Still, so much of Drift Series 1 reminds us that Underworld are just worlds apart from most other house derivatives of today, let alone the contemporaries who rose up with them in the heart of the 1990s’ big beat and intelligent dance music movements. 

For another thing, Drift Series 1 brings to the lexicon some of Underworld’s most memorable contributions since Beaucoup Fish in 1999. “Listen to Their No” is a fresh dip into their well of ecstatic house conceits, and “Imagine a Box” is a dour, eerie acid ghost story. “S T A R,” meanwhile, is an infectious little speed demon of a track that rests somewhere between nursery rhyme and children’s word game, matching up the activities of established fantasy characters like Tom Thumb and Robin Hood with modern names like Dr. Dre, David Beckham, and Rosa Parks. This and other cuts like “Another Silent Way” (originally released set to footage of UK drift racers—“drift,” get it?) find Smith and Hyde continuing to sneak more cheekiness into their music this late in their careers, and they’re all the more entertaining for it.

The last song of disc one, “One True Piano Need Hand,” is their first real attempt at droning noise, while disc three, “Heart,” is the box set’s locus of high weirdness anchored by the stuttering improvisations of “Poet Cat.” Frankly, Underworld scatter horns and strings, jazz and classical throughout Drift Series 1, from the patches of “Altitude Dub” to disc five’s choral denouement, “A Moth at the Door.” Smith and Hyde also make room in this music for contributions from Australian experimental band The Necks, none so thorough as the set’s sixth disc of collaborations between the bands based on songs released earlier in Underworld’s project. While the first two songs (42 minutes!) lean heavily on The Necks’ tender jazz interplay, Underworld’s stamp is clearly on the closing half-hour-long “Appleshine Continuum,” a composition suggesting the massive remixes and studio bootlegs from the dubnobasswithmyheadman days.

Underworld bravely use the broad expanse of time and creative space covered in Drift Series 1 to explore sounds and arrangements not yet heard in their repertoire. There’s also plenty of evidence that what brought them to the dance—and the dancefloor—not only never went away, it’s as sharp as ever. Surely not even UW superfans are going to like everything they hear in this collection, but there’s so much worth giving a chance. And hey, there’s always the sampler. And next year.

I also must mention a parallel drawn between Underworld and one of my favorite kosmische musik artists which I found mentioned in a feature by Simon Tucker of LouderThanWar.com:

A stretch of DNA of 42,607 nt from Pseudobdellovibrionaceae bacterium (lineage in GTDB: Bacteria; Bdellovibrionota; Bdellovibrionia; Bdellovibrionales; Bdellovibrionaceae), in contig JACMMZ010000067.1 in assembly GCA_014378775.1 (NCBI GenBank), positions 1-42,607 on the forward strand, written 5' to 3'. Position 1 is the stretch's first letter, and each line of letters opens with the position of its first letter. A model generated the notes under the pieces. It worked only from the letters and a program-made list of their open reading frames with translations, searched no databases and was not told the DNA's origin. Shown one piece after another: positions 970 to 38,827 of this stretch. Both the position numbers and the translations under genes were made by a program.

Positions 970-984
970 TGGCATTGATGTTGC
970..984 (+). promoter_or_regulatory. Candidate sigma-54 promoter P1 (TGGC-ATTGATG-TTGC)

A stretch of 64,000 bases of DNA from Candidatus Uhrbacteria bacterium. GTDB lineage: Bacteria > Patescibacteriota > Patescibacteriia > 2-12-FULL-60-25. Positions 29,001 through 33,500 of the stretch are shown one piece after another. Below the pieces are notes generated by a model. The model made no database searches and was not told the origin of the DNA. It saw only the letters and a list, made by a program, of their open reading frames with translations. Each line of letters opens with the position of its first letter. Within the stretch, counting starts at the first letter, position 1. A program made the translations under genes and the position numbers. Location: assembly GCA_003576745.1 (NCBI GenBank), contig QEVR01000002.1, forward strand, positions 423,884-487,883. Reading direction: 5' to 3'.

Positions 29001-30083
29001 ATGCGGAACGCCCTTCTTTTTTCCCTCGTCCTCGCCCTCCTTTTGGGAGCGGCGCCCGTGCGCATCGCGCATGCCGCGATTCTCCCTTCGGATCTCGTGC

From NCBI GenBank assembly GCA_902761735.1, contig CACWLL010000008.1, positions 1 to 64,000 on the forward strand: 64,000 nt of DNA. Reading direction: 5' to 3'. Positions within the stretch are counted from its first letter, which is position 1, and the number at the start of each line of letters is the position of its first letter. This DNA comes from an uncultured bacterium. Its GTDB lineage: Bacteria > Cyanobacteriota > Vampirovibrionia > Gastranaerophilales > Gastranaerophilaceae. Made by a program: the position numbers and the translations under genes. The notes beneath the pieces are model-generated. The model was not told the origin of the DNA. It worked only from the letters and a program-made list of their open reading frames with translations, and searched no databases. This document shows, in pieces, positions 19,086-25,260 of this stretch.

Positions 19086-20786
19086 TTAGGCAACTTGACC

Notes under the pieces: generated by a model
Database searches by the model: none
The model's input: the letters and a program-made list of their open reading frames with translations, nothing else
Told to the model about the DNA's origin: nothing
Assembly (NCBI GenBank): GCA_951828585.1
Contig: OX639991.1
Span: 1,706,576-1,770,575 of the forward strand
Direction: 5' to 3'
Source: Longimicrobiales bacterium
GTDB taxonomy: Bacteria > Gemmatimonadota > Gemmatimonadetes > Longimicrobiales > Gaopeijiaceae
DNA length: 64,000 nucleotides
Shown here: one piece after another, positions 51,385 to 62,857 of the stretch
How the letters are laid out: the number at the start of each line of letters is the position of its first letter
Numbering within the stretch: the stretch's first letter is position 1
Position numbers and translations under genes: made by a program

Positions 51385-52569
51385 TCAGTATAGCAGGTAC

John Doran of The Quietus recently compared Underworld to German pioneers CAN and that comparison is perfect. Like CAN, Underworld always seem to be in a constant state of evolution and knee deep in the high-art of experimentation. What they also share with their German predecessors is the sheer wealth of quality that they produce with DRIFT being the ultimate example of this. Fired up and free from the leash, Hyde and Smith now plan on continuing the project into 2020. They are now the gatekeepers and the spirit guides. Cerberus and Snoopy. As they continue we wish the road rises up to meet them and we will be following them every single step of the way for this is a story that has many enthralling chapters left to be written.

Stunning.

Series 1 explores a gamut of electronic subgenres. The Discogs entry for the release cites no fewer than a dozen genre tags for the release, including Techno, Leftfield, Experimental, Downtempo, Electro, Abstract, Future Jazz, Minimal Techno, Progressive House, Drum n Bass, Ambient, and Spoken Word.

DRIFT is, as Blyweiss wrote, a daunting and somewhat overwhelming undertaking, but one which is fantastically rewarding and welcomed by fans who wished for new Underworld music. As I mentioned, this release brings the grand total of discs in my Underworld library to an even 600, comprising well-over 8,100 tracks, many of which clock in at anywhere from 40 minutes to hours in length. These six hours of new content will be enjoyed again and again this winter and I look forward to the next DRIFT installment in 2020!

Published in: on November 16, 2019 at 7:55 am  Comments (2)  
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Robert Rich – Premonitions 1980-1985 4LP Set

Just arrived at Innerspace Labs – hand-numbered copy #114/500 of Robert Rich’s Premonitions vinyl box set.

A veteran of the minimal drone genre, Robert Rich has been a major figure in the ambient music scene for forty years. I maintain a complete discographic archive of Rich’s 63 full-length releases totaling 72 discs of content in lossless archival FLAC including the seven-hour Somnium and eight-hour Perpetual: A Somnium Continuum sleep concert DVDs. However, very little of Rich’s extensive catalog has ever been available in the vinyl format.